DRYDEN — Helping other people has always been a goal in life for Dryden High School senior Kevin Harding.
“To a point, you’re helping someone so that it helps their family,” he said. “It’s like you risk your life to save someone else’s life.”
Harding says he’ll get the chance to do that as one of seven high school students taking part in the school’s emergency first responder course Tuesday.
The after-school course, sponsored and taught by members of Dryden Ambulance Inc. and TLC Emergency Medical Services Inc., gives students basic emergency responder lessons that can later be used toward careers in firefighting or becoming an emergency medical technician, said Patrick Brunner, one of the instructors and an EMT with Dryden Ambulance Inc.
Students will learn how to take and monitor blood pressure, how to detect a pulse, determine details of situations at an emergency scene, how to stop bleeding wounds and free blocked airwaves, he said.
At the end of the course, which meets for five hours, twice a week until the end of June, students will take a state exam to become certified first responders.
Shelly Howland, the education division manager and co-manager for operations at Cortland’s TLC Emergency branch, said she hopes this course will help get students interested in becoming first responders and help address a shortage of EMTs and paramedics.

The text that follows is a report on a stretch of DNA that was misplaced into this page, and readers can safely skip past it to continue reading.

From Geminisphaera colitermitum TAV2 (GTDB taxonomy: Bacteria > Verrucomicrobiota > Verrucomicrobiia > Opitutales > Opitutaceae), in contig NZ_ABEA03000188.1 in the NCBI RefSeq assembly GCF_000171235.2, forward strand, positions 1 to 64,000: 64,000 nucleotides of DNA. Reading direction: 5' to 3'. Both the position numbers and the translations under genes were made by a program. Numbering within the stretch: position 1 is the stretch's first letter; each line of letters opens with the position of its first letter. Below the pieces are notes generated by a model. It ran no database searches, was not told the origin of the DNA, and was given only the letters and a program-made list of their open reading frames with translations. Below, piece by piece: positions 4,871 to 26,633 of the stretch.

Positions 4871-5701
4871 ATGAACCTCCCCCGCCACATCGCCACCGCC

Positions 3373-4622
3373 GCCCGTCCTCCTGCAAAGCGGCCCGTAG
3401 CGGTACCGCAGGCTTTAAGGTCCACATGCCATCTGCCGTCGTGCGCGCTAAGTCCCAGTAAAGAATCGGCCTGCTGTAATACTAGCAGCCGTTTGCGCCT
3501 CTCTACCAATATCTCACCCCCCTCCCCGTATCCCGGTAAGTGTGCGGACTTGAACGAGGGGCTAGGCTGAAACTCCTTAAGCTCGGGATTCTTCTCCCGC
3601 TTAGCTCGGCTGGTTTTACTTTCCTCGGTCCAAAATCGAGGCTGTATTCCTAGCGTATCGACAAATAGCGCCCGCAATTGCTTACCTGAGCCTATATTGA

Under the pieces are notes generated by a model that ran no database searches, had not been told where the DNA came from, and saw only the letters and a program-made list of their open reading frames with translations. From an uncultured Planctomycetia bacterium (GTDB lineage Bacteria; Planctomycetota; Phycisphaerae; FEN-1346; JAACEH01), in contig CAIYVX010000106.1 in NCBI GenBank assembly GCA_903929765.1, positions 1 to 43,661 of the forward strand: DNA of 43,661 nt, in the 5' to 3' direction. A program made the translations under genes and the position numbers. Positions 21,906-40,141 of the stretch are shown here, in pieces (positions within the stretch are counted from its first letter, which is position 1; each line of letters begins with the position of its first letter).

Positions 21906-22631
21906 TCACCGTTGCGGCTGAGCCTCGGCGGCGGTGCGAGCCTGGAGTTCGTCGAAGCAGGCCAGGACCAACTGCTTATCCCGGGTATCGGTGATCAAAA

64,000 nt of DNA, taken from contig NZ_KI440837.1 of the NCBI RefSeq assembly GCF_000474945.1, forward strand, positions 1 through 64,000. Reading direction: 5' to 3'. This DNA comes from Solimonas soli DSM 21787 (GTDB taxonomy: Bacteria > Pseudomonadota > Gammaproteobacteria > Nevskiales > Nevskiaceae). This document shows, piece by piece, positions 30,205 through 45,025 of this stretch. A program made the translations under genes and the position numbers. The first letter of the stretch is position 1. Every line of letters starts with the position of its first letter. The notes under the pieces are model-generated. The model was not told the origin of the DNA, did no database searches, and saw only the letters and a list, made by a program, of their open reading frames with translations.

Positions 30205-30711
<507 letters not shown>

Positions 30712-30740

“I’m hoping that the kids that are here are here for the right reasons and want to proceed from here and be our future paramedics,” she said. “Even if they don’t continue on, these certified first responders will have enough knowledge that they could save someone’s life on their own in an emergency.”
Senior Madison Knout said she was taking the course as extra practice to become an EMT, an interest stemming from an internship she took at TLC Emergency Medical Services Inc. She enjoyed the fast-paced nature of responding to emergencies.
She said the course will be useful to be prepared to respond when an emergency happens.
“You’ll never know what you’ll run across,” she said. “I’ve run across people overdosing. I’ve run across people needing medical emergencies at the mall.”
It will also provide useful teaching skills to assist others who may try to help during an emergency but might cause more problems, she said.
Harding, who is a firefighter with Dryden’s Neptune Hose Co., said this course will help him be able to assist people having medical emergencies but to also further his training as a firefighter.
While not sure if he wants to go deeper into the emergency medical response field or firefighting field, he said that taking this course will help him become an EMT, which is required for joining the Ithaca Fire Department, something he’s wanted to do since he was young.
In any event, he’ll get a chance to help people.
“Just being there for somebody in their time of need, that’s what drives me,” Harding said. “Taking this course will be able to help me do that.”